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Re: [Synoptic-L] Lk 14:23

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  • Maluflen@aol.com
    ... 1) assuming something other than Markan priority - why was the phrase dropped? 2) assuming Markan priority- why was the phrase added? There is no
    Message 1 of 8 , Jan 24, 2004
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      In a message dated 1/24/2004 10:28:33 AM Eastern Standard Time, jwest@... writes:

      >> Luke 14:23 contains the little phrase, "compel them to come in..." This phrase is absent from the synoptic parallels. Hence, my twofold question:

      1) assuming something other than Markan priority - why was the phrase dropped?
      2) assuming Markan priority- why was the phrase added?>>

      There is no relevant Markan parallel to this text, so these questions are not ad rem.


      >> What Sitz im Leben would call forth such a phrase? And if Luke is the earliest Gospel, why did the later writers abandon it...>>

      Not too many people think that Luke is the earliest Gospel. Of those who do not, many think that Luke knew and used Matthew. So the question should be refocused to the issue of why Luke wrote what he did, assuming that he had Matt 22:1-14, absent the offending phrase, in front of him when he wrote?

      First of all, it should be noted that in general Luke uses Matthean material with an enormous range of freedom, and that this particular passage falls toward the extreme end, though not quite there, of liberty taken with respect to his Matthean source.

      After a number of unsuccessful missions, the slaves of the king are sent out once again in Matt 22:9 with a mission that is quite indiscriminate in terms of who is called ("...call whomever you find to the wedding-feast"). This is of course not the same thing as "forcing" them to enter, but one should notice that when Matthew reports on the actual carrying out by the servants of this command of Jesus, he says that, going into the streets, they "gathered (SUNHGAGON) all whom they found, bad and good, and the banquet hall was filled". SUNHGAGON is of course related to the word for synagogue, and this is a reason Luke may have avoided the term, especially if was thinking at this point in his story particularly of a Gentile, or the Pauline mission. But SUNHGAGON, used by the Matthean redactor, is a stronger word, and closer to the Lukan ANAGKASON in meaning than is the word "to call" found in the command of Jesus. This might explain Luke's use of the word "to force" here. He wished to avoid the possible Jewish associations in the word SUNHGAGON, but to recapture some of the meaning that might be taken as implied in the term "gather". Since Luke does not report the actual carrying out of this mission, he uses the term in the mission statement of Jesus itself, and then closes with a final word of Jesus commenting on the exclusion of those from the banquet who had not responded to the initial calling (perhaps "the Jews" in a very broad sense).

      One final point: the idea of necessity is implied in the word ANAGKASON, and there may be a theological point being made here by Luke as well: since the Pauline mission is intended by God, and intended by God to be abundantly successful (as prophesied in the OT), there is therefore a certain divine necessity about it. I don't think one need be concerned here about the whole issue of forced conversions, which may represent an anachronistic reading of the text.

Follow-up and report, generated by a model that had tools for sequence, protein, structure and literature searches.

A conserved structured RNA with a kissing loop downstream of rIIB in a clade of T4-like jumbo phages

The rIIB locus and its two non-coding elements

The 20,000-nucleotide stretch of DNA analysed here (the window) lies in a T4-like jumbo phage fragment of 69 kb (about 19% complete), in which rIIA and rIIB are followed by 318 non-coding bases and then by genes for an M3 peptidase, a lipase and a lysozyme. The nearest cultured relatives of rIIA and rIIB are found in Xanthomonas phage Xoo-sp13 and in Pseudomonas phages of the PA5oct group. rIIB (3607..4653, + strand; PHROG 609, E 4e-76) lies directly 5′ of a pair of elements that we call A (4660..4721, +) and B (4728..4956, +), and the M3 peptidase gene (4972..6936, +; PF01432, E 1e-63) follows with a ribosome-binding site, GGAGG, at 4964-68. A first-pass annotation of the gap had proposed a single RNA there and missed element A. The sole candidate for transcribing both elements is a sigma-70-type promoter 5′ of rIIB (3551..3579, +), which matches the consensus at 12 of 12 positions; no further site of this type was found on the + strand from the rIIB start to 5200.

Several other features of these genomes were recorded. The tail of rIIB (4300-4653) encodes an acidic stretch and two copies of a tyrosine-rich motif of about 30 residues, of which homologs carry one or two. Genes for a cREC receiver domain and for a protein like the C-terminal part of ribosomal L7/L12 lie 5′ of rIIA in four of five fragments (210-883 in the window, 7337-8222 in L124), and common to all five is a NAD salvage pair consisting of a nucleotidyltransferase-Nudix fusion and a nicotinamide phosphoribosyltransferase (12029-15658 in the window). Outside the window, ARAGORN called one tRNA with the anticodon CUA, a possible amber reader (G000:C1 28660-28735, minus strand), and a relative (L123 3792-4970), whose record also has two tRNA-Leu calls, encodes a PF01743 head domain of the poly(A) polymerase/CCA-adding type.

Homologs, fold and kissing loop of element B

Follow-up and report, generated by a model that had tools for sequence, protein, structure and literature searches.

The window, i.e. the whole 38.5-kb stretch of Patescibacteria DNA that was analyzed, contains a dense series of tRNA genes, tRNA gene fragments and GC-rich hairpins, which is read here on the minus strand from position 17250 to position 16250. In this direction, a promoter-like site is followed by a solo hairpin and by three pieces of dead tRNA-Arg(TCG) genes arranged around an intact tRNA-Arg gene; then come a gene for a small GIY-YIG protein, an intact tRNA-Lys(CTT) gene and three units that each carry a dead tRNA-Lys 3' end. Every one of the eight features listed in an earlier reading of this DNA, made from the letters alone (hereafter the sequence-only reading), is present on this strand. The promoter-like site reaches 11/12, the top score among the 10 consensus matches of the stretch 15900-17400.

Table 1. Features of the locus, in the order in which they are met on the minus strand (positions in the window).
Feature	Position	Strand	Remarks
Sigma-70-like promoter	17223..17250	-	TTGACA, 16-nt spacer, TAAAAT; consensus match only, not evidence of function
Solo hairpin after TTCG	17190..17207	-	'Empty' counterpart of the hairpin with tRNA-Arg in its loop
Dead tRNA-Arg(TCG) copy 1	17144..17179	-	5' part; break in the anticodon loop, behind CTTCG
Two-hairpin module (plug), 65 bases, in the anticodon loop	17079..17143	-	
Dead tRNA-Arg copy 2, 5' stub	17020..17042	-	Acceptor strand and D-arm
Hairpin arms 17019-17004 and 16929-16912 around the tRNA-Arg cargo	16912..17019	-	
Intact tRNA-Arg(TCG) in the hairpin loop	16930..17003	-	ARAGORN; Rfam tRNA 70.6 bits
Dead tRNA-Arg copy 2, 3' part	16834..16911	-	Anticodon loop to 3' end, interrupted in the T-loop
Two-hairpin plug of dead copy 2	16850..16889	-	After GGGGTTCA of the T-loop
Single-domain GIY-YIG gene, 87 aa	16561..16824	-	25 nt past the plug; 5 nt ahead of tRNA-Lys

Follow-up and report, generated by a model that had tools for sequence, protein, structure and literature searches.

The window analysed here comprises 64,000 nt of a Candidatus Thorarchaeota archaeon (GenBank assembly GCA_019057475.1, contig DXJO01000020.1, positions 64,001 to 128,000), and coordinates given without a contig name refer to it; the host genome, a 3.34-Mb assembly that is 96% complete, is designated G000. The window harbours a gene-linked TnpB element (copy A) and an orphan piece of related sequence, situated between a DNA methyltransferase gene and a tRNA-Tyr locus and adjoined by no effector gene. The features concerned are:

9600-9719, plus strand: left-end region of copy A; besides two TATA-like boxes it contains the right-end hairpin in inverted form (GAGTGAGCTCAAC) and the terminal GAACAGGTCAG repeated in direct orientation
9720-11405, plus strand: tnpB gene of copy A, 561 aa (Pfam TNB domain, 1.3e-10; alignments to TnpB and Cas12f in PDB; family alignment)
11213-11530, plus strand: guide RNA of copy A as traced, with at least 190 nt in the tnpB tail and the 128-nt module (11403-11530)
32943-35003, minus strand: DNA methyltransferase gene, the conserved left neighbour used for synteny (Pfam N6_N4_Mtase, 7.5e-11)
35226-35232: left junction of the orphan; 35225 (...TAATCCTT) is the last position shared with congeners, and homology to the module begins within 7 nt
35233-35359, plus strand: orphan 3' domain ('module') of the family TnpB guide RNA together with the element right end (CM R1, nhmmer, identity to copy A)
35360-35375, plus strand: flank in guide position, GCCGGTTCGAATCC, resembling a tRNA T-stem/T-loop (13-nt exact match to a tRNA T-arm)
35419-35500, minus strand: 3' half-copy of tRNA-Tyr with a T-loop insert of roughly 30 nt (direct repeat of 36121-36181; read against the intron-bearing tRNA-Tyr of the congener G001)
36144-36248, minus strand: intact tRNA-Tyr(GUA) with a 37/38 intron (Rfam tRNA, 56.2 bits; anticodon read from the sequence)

Leonard Maluf
      Blessed John XXIII National Seminary
      Weston, MA
      K)è¦Øœ,z&z– zm§ÿðÃájfœºOí…ê%¢ ¿³)è¦Øœ”¸¬´ì'z´²žŠm‰ÂÎÂw«n¦iˤ
    • R. Steven Notley
      Jim A brief comment from one of those few Leonard notes who remain unconvinced of Luke s reliance upon or knowledge of Mark (or Matthew). First, a point of
      Message 2 of 8 , Jan 24, 2004
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        Jim

        A brief comment from one of those "few" Leonard notes who remain unconvinced of Luke's reliance upon or knowledge of Mark (or Matthew).

        First, a point of clarification about our terminology in the "priority" discussions.  I frequently remind my students that in fact the position of historical priority is not the most important criterion for assessing historical witnesses.  Instead, source critical discussions should speak in terms of lines of "dependency."

        This approach has long been accepted among text critics.   A "late" document (or manuscript) may prove to be a comparably superior witness to other manuscripts that were penned/copied before it.  If this late manuscript is dependent upon an independent, better (more primitive) literary source than the others (which have suffered corruption, editorializing, etc.), it may preserve a superior reading.

        I personally think Matthew is historically posterior to Mark and Luke, but because he has access to a (primitive) non-canonical source, he at times preserves the best text of the three.

        Having said that, on this occasion I agree with Leonard that the absence of a Markan parallel makes irrelevant any discussion of the Markan-Lukan literary relationship.

        I part company with Leonard, however, regarding his comments on the Matthean-Lukan relationship.  Leonard brings no evidence that "compels us" (to borrow Lukan language at hand!) to follow his assumption in this pericope that Luke has used Matthew.